Aussie Firefighters call for government action on EV fire hazards

Written by Callum Hunter

Electric vehicles and battery energy storage systems can pose serious risks for first responders, community and environment

Career firefighters will urge federal and state governments to develop policies to regulate the management of risks and hazards associated with electric vehicles (EVs) and battery energy storage systems (BESS).

The United Firefighters Union of Australia (UFUA) National Committee of Management, which passed the resolution today, said the batteries in EVs and solar power storage units pose unique risks to first responders, the wider community and the environment.

UFUA secretary Greg McConville drew attention to these risks in a media release issued this afternoon, emphasising the fact a battery fire can require up to 22 times the amount of water needed to extinguish as a ‘typical’ car fire.

“When the integrity of lithium batteries is compromised, the energy they store is released as heat, known as ‘thermal runaway’, and this can cause fires which are extremely difficult to extinguish while releasing an extraordinary array of deadly toxic gases,” he said.

“A typical car fire would require less than 1400 litres of water to extinguish, but an EV battery fire in an electric vehicle may require up to 30,000 litres of water.

“That massive amount of water can also be highly contaminated and would need to be captured and treated, presenting significant logistical problems for fire services and governments.”

Some of the toxins released in an EV or BESS fire include carbon monoxide, hydrogen cyanide, hydrogen fluoride and cobalt, all of which are dermally absorbed (through the skin) – in addition to being inhaled – with no proven PPE to combat them.

McConville drew attention to two now disabled firefighters who suffered Colbalt poisoning in Victoria while responding to an electric vehicle fire and said the risks are elevated exponentially when it comes to structural BESS fire.

“Many homes are installing lithium batteries as part of their solar panel energy systems and BESS are being installed in underground carparks and in apartment blocks,” he said.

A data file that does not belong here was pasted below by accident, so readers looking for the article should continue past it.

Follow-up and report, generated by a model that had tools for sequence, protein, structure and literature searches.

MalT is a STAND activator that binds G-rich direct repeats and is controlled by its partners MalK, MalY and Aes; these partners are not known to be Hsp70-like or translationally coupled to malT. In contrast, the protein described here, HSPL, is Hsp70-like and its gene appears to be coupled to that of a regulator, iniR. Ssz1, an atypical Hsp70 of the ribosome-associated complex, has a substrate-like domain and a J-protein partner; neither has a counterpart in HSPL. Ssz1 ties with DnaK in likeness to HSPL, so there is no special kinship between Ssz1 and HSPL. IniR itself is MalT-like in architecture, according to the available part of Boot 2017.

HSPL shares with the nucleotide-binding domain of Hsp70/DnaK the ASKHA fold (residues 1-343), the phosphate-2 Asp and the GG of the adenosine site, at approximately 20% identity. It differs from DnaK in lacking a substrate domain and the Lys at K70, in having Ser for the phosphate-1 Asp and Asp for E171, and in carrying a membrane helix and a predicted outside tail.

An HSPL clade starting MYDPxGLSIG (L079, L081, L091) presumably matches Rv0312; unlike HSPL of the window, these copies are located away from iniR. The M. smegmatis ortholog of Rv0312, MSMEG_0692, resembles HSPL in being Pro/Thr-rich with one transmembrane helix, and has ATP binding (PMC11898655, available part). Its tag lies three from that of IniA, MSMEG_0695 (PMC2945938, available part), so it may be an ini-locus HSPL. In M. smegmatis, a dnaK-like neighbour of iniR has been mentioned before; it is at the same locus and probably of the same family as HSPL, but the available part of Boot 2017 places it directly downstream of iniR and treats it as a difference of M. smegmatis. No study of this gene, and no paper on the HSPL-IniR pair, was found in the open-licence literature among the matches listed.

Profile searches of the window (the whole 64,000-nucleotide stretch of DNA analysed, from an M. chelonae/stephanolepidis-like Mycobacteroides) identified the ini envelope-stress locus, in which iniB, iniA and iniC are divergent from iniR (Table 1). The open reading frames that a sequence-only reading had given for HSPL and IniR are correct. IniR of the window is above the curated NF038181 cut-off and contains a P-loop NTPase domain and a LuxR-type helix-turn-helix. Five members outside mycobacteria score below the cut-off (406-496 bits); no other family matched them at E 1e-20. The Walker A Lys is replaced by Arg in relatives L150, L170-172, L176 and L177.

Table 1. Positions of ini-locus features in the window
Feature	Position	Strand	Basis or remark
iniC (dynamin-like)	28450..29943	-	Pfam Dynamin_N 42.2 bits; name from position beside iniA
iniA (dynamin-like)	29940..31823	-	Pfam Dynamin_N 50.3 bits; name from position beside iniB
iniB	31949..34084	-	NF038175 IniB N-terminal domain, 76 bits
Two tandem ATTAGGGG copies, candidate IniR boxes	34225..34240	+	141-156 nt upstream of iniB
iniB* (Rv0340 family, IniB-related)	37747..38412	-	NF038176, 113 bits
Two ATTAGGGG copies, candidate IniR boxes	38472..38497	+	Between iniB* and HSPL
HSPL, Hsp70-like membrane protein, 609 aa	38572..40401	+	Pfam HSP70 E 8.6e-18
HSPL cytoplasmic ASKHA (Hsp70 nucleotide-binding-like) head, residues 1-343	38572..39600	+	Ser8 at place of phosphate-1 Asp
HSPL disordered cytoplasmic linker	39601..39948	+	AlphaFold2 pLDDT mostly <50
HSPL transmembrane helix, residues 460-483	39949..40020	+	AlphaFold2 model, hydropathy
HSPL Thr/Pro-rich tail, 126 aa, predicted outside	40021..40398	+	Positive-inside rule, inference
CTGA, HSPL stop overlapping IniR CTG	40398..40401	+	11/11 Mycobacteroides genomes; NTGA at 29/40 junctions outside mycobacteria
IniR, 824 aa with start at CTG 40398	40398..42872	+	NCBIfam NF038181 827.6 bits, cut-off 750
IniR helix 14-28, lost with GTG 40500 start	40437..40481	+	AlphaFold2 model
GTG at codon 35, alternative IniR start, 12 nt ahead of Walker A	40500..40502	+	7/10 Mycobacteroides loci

“Fire services currently have limited oversight or approval of BESS in residential apartment blocks and the difficulty in extinguishing these types of fires makes the location of these batteries highly problematic for firefighters.

“These toxins also present a major risk to other emergency services personnel such as police and ambulance officers, bystanders and the broader community and as such, every possible measure must be undertaken to mitigate their impact.”

As a result, the UFUA is calling on all governments to develop proper regulation, policy, training and education programs to mitigate the risks associated with EV and BESS fires in collaboration with firefighting bodies around the country.

While we wait for the pleas to be heard by the relevant authorities, it seems Australia’s peak independent crash testing body, ANCAP, is already on the case with ‘fire risk and thermal runaway in electric vehicles’ being one of the key aspects of future crash testing protocols.

According to the just-released Future View on Testing & Assessment 2030 report, ANCAP will “continue to encourage manufacturers to provide post-crash rescue information through provision of rescue sheets in accordance with ISO 17840 which will be made available through the ANCAP RESCUE app”.

“Enhancements to the available information such as managing of thermal runaway incidents will be included if and when the ISO standard is amended accordingly,” the report reads.

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Header image: ARS Technica

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